nize and remove the cause of disease. Between gas in the soil and gases in the air urban trees lead a more or less poisoned and morbid existence, appreciated and enjoyed only by those who can not or will not go where trees grow rapidly and well, solitary or gregarious, according to their kinds, a delight to the eye, an inspiration to the spirit, a shelter to the birds, and a satisfaction to the lumberman.
Perhaps this seems an exaggerated statement of urban conditions, but an examination of the trees in the parks of Pittsburgh, Cincinnati, St. Louis and Chicago, among the industrial cities using mainly soft coal, and of New York and Boston, in which hard coal is the principal fuel, will convince the fair-minded observer that something is wrong.
Air and soil analyses and experiments under controllable conditions, will alone reveal the cause of the condition of urban trees and of those growing near industrial plants from which poisonous fumes emanate. Such analyses of air and soil can be made only by a skilled chemist, and such experiments should be attempted only when a skilled chemist and a trained biologist can cooperate under such conditions of climate and equipment as to justify the expenditure of time and money.
In the remarkably pure air of Stanford University, with the nearest domestic coal fire a quarter mile away and with gas supplied to the university by a single small main, a greenhouse has been so constructed that it is completely divided into two exactly similar halves, in which experiments and their controls can be carried on under as nearly natural conditions as can be conceived. In each half of this house there were boxes of growing grain, a considerable variety of potted seedling trees, one, two and three years old, and other plants, aquatic and terrestrial. The grain was grown on the spot from seeds; the trees were grown from the seed in the pots and were brought into the house so long before they were used in experiments, that they were quite accustomed to their surroundings. Into one half of the experiment house, a dose of sulphur dioxide equal to the proportion in pure city air, was introduced daily (Sundays excepted) for months, during the resting period only for one set of trees, during the growing period only of another set, and during the resting and most of the growing period of a third set.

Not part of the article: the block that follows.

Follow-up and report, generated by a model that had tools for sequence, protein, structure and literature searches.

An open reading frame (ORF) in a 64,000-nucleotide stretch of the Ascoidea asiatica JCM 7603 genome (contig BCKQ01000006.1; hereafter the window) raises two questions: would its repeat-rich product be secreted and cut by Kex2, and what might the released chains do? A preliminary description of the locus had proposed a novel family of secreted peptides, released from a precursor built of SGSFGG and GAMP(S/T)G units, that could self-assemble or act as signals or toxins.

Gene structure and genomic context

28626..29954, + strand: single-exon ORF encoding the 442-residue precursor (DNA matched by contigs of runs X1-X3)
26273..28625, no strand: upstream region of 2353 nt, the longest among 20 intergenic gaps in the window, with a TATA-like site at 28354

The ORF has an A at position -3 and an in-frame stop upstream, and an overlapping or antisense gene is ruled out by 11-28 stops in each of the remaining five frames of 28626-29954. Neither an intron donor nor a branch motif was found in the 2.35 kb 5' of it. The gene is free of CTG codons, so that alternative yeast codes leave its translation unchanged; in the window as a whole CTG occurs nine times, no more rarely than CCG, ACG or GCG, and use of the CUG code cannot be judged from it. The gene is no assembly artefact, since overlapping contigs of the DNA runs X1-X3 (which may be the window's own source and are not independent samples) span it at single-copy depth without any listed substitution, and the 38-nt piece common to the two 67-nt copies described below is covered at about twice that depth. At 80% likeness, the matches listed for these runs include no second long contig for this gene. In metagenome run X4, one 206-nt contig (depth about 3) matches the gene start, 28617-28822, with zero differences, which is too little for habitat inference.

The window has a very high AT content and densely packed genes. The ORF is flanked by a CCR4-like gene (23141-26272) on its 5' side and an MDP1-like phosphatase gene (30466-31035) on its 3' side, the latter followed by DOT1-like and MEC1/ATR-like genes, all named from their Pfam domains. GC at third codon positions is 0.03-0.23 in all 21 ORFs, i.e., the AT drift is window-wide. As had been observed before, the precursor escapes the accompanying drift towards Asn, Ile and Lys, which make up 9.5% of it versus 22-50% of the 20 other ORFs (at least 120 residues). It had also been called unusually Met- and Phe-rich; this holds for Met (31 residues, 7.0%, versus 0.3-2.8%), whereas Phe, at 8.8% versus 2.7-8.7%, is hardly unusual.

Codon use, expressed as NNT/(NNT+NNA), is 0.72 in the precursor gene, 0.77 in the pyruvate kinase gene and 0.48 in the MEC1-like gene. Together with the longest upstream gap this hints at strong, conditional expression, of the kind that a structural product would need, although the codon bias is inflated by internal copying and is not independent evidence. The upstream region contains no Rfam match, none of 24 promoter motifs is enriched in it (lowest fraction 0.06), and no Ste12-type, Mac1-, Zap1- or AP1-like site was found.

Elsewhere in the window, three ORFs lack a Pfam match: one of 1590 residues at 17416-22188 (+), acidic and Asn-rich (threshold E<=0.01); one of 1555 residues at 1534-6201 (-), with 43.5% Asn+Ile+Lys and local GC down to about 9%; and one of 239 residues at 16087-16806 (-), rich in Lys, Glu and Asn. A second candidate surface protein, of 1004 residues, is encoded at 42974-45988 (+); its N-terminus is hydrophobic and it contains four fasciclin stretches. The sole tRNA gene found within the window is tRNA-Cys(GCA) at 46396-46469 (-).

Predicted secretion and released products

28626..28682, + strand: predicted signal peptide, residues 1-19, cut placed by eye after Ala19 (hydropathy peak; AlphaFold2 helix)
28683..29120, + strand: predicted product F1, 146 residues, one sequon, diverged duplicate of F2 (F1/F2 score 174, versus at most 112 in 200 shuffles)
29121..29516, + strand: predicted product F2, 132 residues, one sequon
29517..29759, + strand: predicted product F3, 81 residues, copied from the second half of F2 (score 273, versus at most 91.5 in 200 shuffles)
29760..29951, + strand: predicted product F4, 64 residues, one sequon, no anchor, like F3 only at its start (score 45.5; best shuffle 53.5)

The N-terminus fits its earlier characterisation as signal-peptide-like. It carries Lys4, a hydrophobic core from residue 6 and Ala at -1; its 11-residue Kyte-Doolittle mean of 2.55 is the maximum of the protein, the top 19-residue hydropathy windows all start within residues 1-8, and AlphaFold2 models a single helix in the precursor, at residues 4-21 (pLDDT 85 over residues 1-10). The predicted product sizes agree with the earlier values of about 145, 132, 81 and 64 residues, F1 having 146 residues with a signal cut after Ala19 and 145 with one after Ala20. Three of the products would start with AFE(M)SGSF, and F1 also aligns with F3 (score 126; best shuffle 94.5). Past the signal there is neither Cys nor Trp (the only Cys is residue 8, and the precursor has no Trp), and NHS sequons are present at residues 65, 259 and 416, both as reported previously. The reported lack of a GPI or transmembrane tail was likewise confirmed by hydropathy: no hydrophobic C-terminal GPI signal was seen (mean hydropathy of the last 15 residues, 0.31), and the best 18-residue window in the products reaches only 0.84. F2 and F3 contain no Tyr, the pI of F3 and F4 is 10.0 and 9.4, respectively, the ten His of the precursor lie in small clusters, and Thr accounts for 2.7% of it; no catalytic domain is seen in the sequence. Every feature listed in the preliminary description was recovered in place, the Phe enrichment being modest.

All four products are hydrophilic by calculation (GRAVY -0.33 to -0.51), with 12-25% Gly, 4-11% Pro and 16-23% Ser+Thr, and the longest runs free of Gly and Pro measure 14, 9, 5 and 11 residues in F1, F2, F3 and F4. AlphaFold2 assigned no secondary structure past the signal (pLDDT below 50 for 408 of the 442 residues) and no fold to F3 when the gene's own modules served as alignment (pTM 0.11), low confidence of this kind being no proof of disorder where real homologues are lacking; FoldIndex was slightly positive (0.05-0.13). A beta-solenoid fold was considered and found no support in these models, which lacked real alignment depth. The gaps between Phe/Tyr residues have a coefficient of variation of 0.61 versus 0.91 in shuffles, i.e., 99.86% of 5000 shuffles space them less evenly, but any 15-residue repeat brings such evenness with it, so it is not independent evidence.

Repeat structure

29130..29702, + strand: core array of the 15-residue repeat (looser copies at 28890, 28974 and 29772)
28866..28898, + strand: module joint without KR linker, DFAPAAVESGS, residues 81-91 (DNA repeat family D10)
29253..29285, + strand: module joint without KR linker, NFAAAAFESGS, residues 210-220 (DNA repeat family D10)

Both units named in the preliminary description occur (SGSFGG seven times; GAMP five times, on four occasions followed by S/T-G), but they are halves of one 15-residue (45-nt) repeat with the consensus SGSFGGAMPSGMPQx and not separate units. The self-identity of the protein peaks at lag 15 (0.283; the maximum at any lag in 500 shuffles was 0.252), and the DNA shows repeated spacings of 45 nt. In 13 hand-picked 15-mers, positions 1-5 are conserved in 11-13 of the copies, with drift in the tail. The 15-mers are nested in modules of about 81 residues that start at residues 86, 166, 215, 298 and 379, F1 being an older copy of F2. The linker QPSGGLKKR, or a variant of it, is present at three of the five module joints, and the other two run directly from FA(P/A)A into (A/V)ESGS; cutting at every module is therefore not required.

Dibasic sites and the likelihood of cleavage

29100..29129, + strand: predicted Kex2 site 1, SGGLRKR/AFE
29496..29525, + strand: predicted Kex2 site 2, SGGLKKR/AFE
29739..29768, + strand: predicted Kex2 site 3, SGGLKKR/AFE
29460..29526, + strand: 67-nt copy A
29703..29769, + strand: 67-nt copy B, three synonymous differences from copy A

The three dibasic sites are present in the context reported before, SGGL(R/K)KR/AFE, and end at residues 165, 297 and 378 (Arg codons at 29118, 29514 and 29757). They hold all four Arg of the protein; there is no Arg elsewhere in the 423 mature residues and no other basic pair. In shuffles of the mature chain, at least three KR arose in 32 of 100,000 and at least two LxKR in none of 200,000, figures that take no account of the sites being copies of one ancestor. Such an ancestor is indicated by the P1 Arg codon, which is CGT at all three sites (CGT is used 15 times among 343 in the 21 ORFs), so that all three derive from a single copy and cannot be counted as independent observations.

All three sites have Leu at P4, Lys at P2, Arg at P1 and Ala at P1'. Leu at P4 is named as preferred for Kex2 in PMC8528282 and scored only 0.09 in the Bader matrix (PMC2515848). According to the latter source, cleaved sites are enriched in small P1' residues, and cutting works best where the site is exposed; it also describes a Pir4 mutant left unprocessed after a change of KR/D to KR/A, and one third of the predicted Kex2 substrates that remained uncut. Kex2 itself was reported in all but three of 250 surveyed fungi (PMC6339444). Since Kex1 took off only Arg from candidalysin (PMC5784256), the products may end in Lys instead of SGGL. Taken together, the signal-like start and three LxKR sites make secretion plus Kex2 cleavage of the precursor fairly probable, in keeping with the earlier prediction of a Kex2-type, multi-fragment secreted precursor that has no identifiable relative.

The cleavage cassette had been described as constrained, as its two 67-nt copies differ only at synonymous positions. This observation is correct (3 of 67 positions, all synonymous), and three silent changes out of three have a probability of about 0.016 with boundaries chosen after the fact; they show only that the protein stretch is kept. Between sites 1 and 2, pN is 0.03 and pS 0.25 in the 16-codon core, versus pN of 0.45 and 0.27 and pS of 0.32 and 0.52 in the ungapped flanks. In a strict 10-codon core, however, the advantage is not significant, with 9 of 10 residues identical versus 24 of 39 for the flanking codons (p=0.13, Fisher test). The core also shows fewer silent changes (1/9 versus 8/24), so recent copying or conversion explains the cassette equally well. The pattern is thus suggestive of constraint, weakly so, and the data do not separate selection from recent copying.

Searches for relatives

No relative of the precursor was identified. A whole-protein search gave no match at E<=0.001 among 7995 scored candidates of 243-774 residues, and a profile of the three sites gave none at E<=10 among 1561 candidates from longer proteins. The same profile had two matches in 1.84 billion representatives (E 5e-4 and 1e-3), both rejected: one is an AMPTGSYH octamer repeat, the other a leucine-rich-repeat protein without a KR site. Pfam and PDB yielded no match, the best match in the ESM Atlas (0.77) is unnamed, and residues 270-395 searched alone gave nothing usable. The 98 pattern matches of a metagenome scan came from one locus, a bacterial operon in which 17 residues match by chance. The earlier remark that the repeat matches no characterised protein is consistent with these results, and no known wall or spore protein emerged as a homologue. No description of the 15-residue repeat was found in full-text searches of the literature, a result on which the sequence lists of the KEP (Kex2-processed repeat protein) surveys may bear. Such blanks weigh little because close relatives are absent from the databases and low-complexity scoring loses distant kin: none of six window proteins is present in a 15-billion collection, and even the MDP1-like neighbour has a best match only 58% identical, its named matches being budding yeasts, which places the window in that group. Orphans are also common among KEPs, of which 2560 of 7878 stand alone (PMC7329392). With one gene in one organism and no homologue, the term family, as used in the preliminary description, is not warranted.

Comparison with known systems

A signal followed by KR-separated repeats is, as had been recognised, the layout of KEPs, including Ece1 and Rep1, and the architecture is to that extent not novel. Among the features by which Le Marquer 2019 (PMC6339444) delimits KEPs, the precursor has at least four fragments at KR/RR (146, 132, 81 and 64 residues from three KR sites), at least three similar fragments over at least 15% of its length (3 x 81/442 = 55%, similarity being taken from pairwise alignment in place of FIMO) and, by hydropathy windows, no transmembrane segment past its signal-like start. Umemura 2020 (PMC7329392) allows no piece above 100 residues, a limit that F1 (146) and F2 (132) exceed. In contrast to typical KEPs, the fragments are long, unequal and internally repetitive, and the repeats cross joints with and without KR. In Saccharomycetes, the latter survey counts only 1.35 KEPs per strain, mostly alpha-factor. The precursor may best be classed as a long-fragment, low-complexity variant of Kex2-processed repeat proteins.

The trees continuously in the side of the house dosed daily with a very minute quantity of sulphur dioxide gas, blown into and thoroughly mixed with the air of the house, showed a growth in length two thirds of that of the trees in the pure air of the other half of the house. There are no visible injuries; only measurement shows that those trees in air purer than that of most cities do not thrive, do not make as much growth as trees in thoroughly pure air. Analyses show that the sulphur dioxide is fixed, mainly in the leaves, and thus disturbs the vital activities of plants. The results with grain correspond. These results obtained by experiment justify, therefore, the assertion that the problem